• And then there is C.S. Lewis who after his conversion, went on to be, well, C.S. Lewis.
These giants are only a small sampling of the many people who have been my spiritual mentors – mentors I have only known through reading of their faithful lives. And, in spite of the pitfalls that accompany my personal comparison to these giants, I am forever thankful for these models of faith, sacrifice and service. My life with Christ is richer because of them. I concur with what nineteenth century Boston pastor Phillips Brooks, a giant himself, said of these inspirational examples…while it is good to walk among the living, it is good also to live with the wise, great, and good dead. It keeps out of life the dreadful feeling of extemporaneousness, with its conceit and despair. It makes us always know that God made other men before he made us. It furnishes a constant background for living. It provides us with perpetual humility and inspiration.
It is easy for some to shy away from reading the stories of these giants because we can feel so inadequate in their presence. As I have enjoyed and profited from their biographies and drunk deeply from their lives, I have come upon a startling and strangely comforting truth: most giants are simultaneously little people. This is another way to say that our spiritual heroes, although great, were men and women with feet of clay, prone to the same weaknesses, sins, and failings as the rest of us!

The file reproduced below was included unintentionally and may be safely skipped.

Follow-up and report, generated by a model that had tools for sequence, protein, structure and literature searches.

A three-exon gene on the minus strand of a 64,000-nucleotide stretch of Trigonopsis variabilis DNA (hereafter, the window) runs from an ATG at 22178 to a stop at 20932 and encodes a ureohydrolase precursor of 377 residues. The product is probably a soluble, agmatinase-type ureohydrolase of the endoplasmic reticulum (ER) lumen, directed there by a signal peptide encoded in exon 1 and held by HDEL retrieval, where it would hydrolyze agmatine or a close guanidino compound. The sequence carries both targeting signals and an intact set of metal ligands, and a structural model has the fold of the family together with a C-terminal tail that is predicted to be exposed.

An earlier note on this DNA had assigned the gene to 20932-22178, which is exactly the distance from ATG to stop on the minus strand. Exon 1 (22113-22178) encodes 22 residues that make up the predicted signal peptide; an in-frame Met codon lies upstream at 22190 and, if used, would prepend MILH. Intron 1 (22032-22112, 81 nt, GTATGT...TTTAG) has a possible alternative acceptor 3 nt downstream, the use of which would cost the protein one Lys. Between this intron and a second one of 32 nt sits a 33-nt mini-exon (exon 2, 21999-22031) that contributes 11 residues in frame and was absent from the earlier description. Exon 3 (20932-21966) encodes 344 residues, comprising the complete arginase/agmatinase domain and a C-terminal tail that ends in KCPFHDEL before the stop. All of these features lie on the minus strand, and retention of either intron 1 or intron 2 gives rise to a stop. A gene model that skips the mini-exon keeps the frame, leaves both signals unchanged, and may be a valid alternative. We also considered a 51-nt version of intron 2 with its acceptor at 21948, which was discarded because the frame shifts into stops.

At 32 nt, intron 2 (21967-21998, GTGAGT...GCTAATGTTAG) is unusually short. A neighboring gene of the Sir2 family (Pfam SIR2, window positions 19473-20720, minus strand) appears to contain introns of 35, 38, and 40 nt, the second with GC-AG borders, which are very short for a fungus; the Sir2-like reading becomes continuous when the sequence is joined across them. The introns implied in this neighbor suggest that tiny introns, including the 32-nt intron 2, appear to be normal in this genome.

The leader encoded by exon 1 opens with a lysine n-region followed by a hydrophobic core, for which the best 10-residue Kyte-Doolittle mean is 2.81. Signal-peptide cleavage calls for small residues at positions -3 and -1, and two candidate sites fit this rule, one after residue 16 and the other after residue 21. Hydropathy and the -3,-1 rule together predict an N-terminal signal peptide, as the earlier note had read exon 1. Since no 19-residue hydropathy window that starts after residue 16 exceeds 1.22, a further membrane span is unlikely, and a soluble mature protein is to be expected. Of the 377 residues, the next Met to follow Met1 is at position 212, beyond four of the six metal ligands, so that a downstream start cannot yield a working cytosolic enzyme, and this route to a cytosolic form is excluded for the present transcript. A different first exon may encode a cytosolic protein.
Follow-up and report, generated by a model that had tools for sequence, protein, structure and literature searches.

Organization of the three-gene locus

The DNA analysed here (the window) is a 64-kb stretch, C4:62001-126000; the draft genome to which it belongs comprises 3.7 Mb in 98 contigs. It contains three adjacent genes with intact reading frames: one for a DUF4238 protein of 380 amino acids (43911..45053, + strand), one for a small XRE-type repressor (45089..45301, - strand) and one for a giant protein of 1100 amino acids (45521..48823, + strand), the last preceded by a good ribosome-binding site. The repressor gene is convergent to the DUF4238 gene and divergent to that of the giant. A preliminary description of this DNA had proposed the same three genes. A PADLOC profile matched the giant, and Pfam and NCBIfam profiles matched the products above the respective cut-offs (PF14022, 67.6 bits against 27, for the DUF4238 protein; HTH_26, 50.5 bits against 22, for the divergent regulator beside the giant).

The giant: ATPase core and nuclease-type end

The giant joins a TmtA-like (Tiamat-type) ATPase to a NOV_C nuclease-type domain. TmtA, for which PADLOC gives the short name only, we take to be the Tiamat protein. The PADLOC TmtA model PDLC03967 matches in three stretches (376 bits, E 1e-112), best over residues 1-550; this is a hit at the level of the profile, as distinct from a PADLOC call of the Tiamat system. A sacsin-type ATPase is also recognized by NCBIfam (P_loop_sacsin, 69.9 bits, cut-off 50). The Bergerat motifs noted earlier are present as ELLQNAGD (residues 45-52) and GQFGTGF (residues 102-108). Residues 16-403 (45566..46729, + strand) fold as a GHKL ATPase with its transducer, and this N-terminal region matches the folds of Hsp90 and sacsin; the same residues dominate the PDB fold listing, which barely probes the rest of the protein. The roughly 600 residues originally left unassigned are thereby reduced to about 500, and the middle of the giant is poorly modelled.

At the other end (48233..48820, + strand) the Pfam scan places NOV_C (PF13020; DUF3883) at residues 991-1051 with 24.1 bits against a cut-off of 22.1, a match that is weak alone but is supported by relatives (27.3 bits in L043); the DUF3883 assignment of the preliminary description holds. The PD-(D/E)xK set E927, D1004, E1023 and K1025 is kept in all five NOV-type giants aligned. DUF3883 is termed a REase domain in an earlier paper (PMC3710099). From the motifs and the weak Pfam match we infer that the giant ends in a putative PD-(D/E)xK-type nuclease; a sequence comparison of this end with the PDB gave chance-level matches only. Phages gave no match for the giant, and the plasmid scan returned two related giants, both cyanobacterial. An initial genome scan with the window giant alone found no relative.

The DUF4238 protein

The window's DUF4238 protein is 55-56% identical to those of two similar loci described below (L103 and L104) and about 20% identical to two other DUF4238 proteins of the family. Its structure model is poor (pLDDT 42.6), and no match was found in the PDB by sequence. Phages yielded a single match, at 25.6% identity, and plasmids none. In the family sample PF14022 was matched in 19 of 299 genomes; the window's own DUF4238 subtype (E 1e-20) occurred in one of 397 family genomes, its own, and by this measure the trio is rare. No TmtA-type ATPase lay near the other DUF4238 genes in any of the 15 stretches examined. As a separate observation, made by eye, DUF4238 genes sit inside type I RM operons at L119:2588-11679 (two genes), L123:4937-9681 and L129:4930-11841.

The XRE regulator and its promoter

Good biographies are not hagiographies and will appropriately show us our heroes’ flaws as well as their excellence. Some years ago Donna and I read a fascinating book together called, Twenty-five Surprising Marriages, by William Peterson. The book described twenty-five well-known Christians and their marriages. We knew something of almost every couple before we read the book. What we didn’t know, and learned as we read, was that all of these marriages, some strong and some weak, looked very much like our marriage and like the marriages of our friends. In other words they weren’t perfect.
Many of those we read about struggled with depression. Some had relationships that lacked warmth and romance. Communication, finances, trouble in raising children and tensions with extended families were a part of many of their lives. We laughed at the comfort it brought us to know that our heroes were very much like the rest of us.
When you read spiritual biographies and walk with the giants it is so freeing to realize you are also strolling with little people. Consider that Charles Spurgeon struggled greatly with depression. Jonathan Edwards was not a very warm pastor and was fired from his church. John Wesley had a horrible marriage and strained relationships with women. Martin Luther could be very crude and harsh. George Whitfield owned slaves and endorsed slavery!
Because of, not in spite of, the real life problems of many of our heroes they remain inspiring examples of what God can do through the faithfulness of the imperfect. So I encourage you to find some spiritual friends who are dead. Discover men and women who can lead you by example to greater service for Christ. Giants you can look up to and with whom you can walk with and little people you can relate to and with whom you can stroll.